All articles from Life Sciences >>>

The most recent press releases about innovation >>>

Die letzten 5 Focus-News des innovations-reports im Überblick:

Im Focus: Fizzy soda water could be key to clean manufacture of flat wonder material: Graphene

Whether you call it effervescent, fizzy, or sparkling, carbonated water is making a comeback as a beverage. Aside from quenching thirst, researchers at the University of Illinois at Urbana-Champaign have discovered a new use for these "bubbly" concoctions that will have major impact on the manufacturer of the world's thinnest, flattest, and one most useful materials -- graphene.

As graphene's popularity grows as an advanced "wonder" material, the speed and quality at which it can be manufactured will be paramount. With that in mind,...

Im Focus: Exotic quantum states made from light: Physicists create optical “wells” for a super-photon

Physicists at the University of Bonn have managed to create optical hollows and more complex patterns into which the light of a Bose-Einstein condensate flows. The creation of such highly low-loss structures for light is a prerequisite for complex light circuits, such as for quantum information processing for a new generation of computers. The researchers are now presenting their results in the journal Nature Photonics.

Light particles (photons) occur as tiny, indivisible portions. Many thousands of these light portions can be merged to form a single super-photon if they are...

Im Focus: Circular RNA linked to brain function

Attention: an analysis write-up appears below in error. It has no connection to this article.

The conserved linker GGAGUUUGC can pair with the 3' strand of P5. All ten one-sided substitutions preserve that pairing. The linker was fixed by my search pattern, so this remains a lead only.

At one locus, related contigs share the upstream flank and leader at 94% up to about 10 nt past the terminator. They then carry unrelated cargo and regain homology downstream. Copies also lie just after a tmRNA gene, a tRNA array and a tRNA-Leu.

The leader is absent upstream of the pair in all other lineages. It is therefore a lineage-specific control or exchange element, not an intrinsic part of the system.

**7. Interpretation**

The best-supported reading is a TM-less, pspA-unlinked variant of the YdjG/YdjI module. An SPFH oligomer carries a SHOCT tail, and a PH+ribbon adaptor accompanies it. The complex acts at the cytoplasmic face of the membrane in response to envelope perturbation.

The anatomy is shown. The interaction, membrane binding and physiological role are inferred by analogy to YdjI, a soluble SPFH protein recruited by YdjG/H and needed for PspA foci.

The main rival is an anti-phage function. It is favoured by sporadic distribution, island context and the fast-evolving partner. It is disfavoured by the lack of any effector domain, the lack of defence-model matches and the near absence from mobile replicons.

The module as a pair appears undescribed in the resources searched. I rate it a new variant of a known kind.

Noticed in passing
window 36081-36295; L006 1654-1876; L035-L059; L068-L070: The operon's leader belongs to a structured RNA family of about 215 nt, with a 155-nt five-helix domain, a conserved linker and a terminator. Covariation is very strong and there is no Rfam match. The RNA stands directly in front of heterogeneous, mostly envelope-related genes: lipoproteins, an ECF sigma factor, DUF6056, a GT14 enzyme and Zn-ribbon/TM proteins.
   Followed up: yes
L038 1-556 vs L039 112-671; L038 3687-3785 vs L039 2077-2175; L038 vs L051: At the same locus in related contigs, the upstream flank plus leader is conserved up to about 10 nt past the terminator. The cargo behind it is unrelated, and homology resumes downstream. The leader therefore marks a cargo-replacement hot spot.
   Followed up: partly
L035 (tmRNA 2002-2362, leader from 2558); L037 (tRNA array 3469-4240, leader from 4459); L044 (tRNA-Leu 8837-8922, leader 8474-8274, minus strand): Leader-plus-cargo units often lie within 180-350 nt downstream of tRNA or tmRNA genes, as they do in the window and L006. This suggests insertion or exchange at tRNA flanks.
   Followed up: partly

For the first time, scientists have shown that circular RNA is linked to brain function. When a RNA molecule called Cdr1as was deleted from the genome of mice, the animals had problems filtering out unnecessary information – like patients suffering from neuropsychiatric disorders.

While hundreds of circular RNAs (circRNAs) are abundant in mammalian brains, one big question has remained unanswered: What are they actually good for? In the...

Im Focus: RAVAN CubeSat measures Earth's outgoing energy

An experimental small satellite has successfully collected and delivered data on a key measurement for predicting changes in Earth's climate.

The Radiometer Assessment using Vertically Aligned Nanotubes (RAVAN) CubeSat was launched into low-Earth orbit on Nov. 11, 2016, in order to test new...

Im Focus: Scientists shine new light on the “other high temperature superconductor”

A study led by scientists of the Max Planck Institute for the Structure and Dynamics of Matter (MPSD) at the Center for Free-Electron Laser Science in Hamburg presents evidence of the coexistence of superconductivity and “charge-density-waves” in compounds of the poorly-studied family of bismuthates. This observation opens up new perspectives for a deeper understanding of the phenomenon of high-temperature superconductivity, a topic which is at the core of condensed matter research since more than 30 years. The paper by Nicoletti et al has been published in the PNAS.

Since the beginning of the 20th century, superconductivity had been observed in some metals at temperatures only a few degrees above the absolute zero (minus...

All Focus news of the innovation-report >>>

Anzeige

Anzeige

Event News

Call for Papers – ICNFT 2018, 5th International Conference on New Forming Technology

16.08.2017 | Event News

Sustainability is the business model of tomorrow

04.08.2017 | Event News

Clash of Realities 2017: Registration now open. International Conference at TH Köln

26.07.2017 | Event News

 
Latest News

What the world's tiniest 'monster truck' reveals

23.08.2017 | Life Sciences

Treating arthritis with algae

23.08.2017 | Life Sciences

Witnessing turbulent motion in the atmosphere of a distant star

23.08.2017 | Physics and Astronomy

VideoLinks
B2B-VideoLinks
More VideoLinks >>>